“The original recreation reserve was around 497 hectares,” says Greg. “But has grown as more land has been acquired. It now sits at approximately 800 hectares.”

“Trustees have been active in making the reserve bigger and bigger over time.”

Over the past 10 years approximately 100,000 natives have been planted, female grey willow and old man’s beard controlled and approximately 4500 animal pests eradicated.

Horse paddocks have been restored into wetlands seeing the return of native species and hives of blackberry and silver poplar cleared and turned into beautiful walkways and cycleways with growing mid and upper canopy.

Horse paddock 2010

Pā, Harakeke, and wetland 2022

The Lagoon and its freshwater network support a diverse range of indigenous biota e.g. wetland and swamp plants, fish e.g. inaka, tuna (eel), kowaro (mudfish) and birds e.g. kotuku (white heron) bittern, kotare (kingfisher) kōrimako (bellbird) and ruru (morepork).

In early 2020, a pair of NZ Dabchicks were sighted, becoming the first sighting in Canterbury for over 100 years.

The trust has been successful in transforming the area because of its initiatives in engaging the wider community, education providers and short-term project funders.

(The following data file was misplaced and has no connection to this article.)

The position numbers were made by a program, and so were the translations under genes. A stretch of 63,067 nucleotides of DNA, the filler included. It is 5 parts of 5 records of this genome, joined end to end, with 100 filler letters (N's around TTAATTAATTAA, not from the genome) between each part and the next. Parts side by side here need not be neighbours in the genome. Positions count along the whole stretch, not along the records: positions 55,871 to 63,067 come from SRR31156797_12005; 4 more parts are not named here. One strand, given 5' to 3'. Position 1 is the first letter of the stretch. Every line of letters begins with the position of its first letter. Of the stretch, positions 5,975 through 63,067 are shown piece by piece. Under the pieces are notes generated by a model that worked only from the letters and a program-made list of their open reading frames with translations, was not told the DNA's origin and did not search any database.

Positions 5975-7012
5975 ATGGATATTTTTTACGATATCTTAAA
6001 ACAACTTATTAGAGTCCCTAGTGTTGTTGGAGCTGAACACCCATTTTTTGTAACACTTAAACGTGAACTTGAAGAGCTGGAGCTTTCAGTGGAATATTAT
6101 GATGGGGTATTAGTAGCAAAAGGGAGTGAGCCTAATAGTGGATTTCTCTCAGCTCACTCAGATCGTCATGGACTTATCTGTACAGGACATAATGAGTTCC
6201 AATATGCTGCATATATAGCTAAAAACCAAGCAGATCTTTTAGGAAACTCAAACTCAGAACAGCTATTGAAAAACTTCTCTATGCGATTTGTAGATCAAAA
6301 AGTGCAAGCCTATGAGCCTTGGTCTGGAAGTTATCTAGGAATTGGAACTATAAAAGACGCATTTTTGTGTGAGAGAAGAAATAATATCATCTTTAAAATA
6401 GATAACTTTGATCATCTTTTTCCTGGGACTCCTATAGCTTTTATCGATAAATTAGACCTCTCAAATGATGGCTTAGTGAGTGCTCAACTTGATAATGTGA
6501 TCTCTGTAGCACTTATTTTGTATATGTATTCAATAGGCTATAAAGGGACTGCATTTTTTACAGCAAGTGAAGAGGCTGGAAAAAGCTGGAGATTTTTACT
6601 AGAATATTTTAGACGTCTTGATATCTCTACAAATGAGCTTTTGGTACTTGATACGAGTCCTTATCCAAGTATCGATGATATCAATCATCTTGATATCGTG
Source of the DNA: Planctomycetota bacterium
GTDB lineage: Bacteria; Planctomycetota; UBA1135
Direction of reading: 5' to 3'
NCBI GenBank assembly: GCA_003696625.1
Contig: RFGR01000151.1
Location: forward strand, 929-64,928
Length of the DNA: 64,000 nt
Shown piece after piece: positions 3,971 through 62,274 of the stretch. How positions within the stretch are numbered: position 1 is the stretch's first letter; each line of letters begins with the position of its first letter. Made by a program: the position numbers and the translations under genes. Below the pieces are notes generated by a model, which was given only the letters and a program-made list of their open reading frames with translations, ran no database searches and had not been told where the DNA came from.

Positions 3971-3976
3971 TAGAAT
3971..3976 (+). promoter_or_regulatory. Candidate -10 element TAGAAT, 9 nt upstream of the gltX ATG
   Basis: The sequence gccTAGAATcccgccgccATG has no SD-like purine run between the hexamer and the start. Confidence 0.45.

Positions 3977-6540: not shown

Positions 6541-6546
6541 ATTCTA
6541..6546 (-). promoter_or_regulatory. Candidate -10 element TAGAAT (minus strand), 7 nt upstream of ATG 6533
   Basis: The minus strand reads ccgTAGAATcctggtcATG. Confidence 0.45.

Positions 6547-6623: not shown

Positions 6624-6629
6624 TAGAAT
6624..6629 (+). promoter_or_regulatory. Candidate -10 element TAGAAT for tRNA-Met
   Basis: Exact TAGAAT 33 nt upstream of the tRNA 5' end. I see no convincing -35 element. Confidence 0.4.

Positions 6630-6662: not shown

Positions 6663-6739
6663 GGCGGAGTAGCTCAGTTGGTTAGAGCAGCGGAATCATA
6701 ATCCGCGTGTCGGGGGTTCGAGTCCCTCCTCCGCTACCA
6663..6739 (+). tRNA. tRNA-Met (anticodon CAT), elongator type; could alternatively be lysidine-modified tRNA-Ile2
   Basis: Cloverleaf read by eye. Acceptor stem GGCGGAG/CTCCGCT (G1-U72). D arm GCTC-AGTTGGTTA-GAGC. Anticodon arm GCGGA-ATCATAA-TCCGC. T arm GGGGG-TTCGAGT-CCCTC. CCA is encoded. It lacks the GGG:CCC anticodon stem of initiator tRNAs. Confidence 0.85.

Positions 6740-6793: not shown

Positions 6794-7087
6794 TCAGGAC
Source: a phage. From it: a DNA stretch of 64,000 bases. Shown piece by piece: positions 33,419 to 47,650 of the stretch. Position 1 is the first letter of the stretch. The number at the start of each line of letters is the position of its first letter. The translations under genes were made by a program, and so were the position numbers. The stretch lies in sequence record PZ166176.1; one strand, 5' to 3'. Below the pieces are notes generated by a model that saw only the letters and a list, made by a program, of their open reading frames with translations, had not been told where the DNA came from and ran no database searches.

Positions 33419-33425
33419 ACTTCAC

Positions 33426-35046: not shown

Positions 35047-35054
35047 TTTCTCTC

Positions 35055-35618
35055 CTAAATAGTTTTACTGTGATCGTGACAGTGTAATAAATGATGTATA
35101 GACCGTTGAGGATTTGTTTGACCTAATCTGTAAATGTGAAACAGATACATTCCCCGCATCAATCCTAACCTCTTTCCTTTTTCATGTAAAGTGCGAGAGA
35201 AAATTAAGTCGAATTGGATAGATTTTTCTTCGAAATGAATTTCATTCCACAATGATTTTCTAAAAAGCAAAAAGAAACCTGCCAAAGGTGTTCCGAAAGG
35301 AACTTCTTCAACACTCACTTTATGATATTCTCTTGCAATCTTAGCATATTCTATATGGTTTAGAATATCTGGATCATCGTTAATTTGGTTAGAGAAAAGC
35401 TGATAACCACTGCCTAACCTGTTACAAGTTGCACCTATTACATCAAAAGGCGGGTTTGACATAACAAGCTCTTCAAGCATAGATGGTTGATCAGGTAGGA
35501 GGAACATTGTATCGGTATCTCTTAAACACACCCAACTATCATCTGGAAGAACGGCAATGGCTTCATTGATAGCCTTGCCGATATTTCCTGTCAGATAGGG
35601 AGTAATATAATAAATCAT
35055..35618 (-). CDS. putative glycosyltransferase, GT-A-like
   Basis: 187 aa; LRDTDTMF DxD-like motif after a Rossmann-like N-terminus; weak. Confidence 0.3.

For example, the trust’s emphasis on maintaining cultural values, has seen it increase the parks biota node numbers by linking to the New Zealand Science Curriculum and enabling students to manage a site and take ownership of it (Tūrangawaewae).

It is easy to restore this land because there is natural water,” says Greg.


Where it was once sandy, gorse and lupin covered land, is it now covered in biota nodes; a series of small, localised points of native wildlife which, as they mature, will grow to form a type of ‘biodiversity skeleton’.

A White Heron forages for food on the wetlands. Photo credit: Sarah Perrins Photography

Each node is adopted and maintained by a school, class, whānau, or community group. There are currently 65 and the plan is to add two more each year.

“Māori have lived here for hundreds of years,” says Greg.

“They know the land. So, it is important to us to continue this special value by educating locals and encouraging students through experiential learning.”

Community engagement